QR codes play a pivotal role in robotics by enhancing efficiency, simplifying data transfer, improving user interaction, and supporting asset management. QR codes in robotics are expected to evolve as technology advances, making them an essential tool for robot developers and users alike. Understanding and leveraging QR codes can greatly enhance robotics applications' functionality and user experience within the Synthiam ARC ecosystem.


The Camera Control can be set to recognize QR Codes. When you view the Camera Config, look under the Scripts tab and notice the QR Code Scripts. You can specify a different script to execute for each recognized QR Code. There is also the ability to create a script to execute every QR Code found but not recognized within the list. You may use this script to detect a web URL and open the web browser, as in the QR Code Example (Found under Examples Menu Bar Option).


You will find a selection of Variables in the Camera Config's Script Tab under the Camera Control. The detected QR Code text will be stored in the specified variable.


More text within a QR Code increases the resolution required for detection. If your QR Code contains the letter "A," it will be much easier to detect than if it had the word "Apple." This is something to consider when creating custom QR Codes for your Synthiam Application. If you want the robot to detect the QR Code easily, choose short QR Codes. We usually recommend using a single letter or number.

*Help: There are example projects for this control. Please look under "Examples" within ARC


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Had some questions for this skill I realize that it is setting up a variable for each QR code but is it possible to encode a x,y,z location in in the variable. Say you have a wall full of products and you want to find a certain item, you could move the camera close to the xyz location then the Qr tracking could kick in to retrieve the item. Rather than making multiple variables for each x y z location of an item possibly just make a long number and then decode the number. Example x=12 y=18 z=45 so item "oil can"=33 could be turned into a number also.  33121845 and a script could decode the number. I've asked for spreadsheets but for some reason -probably really slows it down- it was never made but now you can see why I'm asking. How could you do that in Blockly?  Thanks, Don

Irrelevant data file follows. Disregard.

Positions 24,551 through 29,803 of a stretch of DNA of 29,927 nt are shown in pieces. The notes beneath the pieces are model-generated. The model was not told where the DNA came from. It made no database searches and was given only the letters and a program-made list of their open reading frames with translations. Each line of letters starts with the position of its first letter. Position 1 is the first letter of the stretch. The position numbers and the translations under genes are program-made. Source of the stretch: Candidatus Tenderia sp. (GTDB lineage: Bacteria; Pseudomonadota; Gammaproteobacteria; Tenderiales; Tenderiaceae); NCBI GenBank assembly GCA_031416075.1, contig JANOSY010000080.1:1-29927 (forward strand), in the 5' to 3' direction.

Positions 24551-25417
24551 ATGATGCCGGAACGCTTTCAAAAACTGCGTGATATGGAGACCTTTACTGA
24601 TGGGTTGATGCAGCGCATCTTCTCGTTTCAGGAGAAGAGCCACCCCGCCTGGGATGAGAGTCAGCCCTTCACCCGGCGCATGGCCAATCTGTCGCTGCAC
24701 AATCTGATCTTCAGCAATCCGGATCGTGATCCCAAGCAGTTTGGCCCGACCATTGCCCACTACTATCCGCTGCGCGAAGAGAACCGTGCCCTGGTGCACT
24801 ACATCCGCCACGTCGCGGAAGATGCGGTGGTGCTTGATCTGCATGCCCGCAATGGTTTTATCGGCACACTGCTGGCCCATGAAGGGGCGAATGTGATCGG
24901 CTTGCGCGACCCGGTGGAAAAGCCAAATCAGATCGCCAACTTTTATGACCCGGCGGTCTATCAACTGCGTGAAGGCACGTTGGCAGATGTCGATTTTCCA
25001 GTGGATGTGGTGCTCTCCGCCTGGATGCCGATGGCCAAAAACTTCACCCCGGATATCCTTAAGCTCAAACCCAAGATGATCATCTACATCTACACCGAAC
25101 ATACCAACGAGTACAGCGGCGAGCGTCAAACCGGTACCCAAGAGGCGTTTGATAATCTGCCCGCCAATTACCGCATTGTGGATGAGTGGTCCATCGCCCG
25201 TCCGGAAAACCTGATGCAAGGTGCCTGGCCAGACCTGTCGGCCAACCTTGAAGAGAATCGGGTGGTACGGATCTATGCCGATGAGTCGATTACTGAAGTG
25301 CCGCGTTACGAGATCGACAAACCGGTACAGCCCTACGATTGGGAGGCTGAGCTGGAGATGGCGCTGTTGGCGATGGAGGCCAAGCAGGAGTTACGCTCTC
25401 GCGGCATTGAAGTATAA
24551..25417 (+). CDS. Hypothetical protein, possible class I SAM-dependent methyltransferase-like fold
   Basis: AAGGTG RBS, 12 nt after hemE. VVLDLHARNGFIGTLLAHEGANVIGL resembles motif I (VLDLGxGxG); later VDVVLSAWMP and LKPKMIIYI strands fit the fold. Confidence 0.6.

#2   — Edited

I reside in Tennessee now - from NY

Yesterday we went downtown and saw may bands.

I noticed everyone had QR codes for their websites or whatever,

Also all the places we parked used QR codes.

Good thing to know


I'm finding that it's so convenient to pull out my cell phone and (after pulling up the QR code reader) scan a displayed code to go to do something connected in whatever you are there taking part in. For example there has been a few times when I needed to pay for parking at an airport or a city parking space. There would be a QR Code displayed on a big sign. I simply scan that code and go to the website, enter my car license plate number and pay for my parking. They even give me the option to send me texts when my paid for time is getting close to expiring. Now this is good use of technology that benefits us.


I wouldn't be to quick to scan codes Dave unless you want to go to my parking pay website that I just created 5 minutes ago and stuck a QR code for it on the parking sign and give me $20 every time you want to park your car.

This is a common one for bitcoin as well. People replace the QR code on signs for a new QR code and all your coins are belong to us.


big professional QR signs would be pretty hard to replace.

I know we always need to watch what we are doing.


Thanks for the heads up. I'll keep an eye open when doing this. So far I've only come across professional signs that is very clear that they are placed there by the original vendor.


This is a really common scam.  All you need is a printer and some sticker paper.


great info Nink

I as talking about large professional QR signs at parking places - put up high.